Are funeral homes taking advantage of families in mourning by overcharging for goods and services?
Maybe, according to recent charges by the Federal Trade Commission.
On Thursday, the FTC sued a funeral home in Harrison, New York for failing to disclose prices to people in mourning, according to a press release. The government agency is seeking $80,000 in penalties.
Harrison Funeral Home is being charged with violating the FTC's Funeral Rule, which was established to help grieving customers compare prices and avoid paying for things that are unnecessary.
Key provisions of the Rule require funeral homes to provide consumers with an itemized price list at the start of an in-person discussion of funeral arrangements, as well as a casket price list before consumers view any caskets. The Rule also prohibits funeral homes from requiring consumers to buy any item, such as a casket, as a condition of obtaining any other funeral good or service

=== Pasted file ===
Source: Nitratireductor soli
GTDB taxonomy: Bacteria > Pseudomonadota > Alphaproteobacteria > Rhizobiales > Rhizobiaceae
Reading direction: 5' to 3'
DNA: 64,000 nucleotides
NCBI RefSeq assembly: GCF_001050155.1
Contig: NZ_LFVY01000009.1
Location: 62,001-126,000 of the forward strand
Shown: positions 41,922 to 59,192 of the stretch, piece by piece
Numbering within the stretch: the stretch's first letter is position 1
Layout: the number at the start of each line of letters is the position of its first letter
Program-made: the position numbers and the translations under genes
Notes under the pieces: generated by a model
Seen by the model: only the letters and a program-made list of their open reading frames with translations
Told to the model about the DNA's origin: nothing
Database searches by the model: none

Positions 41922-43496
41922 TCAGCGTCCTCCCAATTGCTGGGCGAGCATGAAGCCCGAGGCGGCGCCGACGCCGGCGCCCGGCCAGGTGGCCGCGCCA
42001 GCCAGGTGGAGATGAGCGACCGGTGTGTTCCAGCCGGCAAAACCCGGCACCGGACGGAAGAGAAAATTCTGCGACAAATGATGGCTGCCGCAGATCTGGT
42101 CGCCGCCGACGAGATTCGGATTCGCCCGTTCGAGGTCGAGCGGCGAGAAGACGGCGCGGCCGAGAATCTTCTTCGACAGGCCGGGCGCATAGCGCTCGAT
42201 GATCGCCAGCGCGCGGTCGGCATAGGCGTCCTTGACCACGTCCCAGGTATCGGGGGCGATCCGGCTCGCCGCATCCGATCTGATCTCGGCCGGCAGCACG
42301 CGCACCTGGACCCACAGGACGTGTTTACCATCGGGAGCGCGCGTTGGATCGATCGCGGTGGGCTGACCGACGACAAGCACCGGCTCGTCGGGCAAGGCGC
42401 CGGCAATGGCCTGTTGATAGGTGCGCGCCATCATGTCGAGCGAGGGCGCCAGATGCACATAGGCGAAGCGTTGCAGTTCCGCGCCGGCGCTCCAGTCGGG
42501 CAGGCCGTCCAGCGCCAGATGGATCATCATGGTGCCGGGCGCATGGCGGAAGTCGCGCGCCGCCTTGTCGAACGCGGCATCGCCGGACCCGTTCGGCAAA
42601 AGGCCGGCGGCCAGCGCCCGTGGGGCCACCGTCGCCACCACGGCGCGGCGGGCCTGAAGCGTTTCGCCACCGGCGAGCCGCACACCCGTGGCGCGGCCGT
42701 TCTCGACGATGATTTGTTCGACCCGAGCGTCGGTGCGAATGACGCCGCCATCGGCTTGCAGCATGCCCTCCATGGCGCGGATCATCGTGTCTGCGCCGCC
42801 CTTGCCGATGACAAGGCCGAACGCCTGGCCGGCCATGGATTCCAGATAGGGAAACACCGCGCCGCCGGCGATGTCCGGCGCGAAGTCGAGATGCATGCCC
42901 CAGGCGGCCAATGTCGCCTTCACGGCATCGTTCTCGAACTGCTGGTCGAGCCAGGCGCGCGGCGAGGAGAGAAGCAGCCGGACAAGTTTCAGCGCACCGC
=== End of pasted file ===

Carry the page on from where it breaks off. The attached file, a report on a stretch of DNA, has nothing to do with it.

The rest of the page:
The FTC alleges that the Harrison Funeral Home home did not provide itemized price lists to mourners before discussing funeral arrangements and showing them caskets and outer burial containers.
Just last Thursday, the Blair-Mazzarella Funeral Home in New York City agreed to settle FTC charges that it had not provided a casket price list before showing caskets to mourners. The funeral home will pay $7,000 in penalties. Another $25,000 in penalties is being waived because of the home's inability to pay. The FTC discovered the violations by going undercover, which it does every year to investigate whether or not funeral homes comply with the Funeral Rule.
The FTC recently found that 4 out of 16 funeral homes in Cleveland failed to provide price information to mourners, according to the Cleveland Plain-Dealer.
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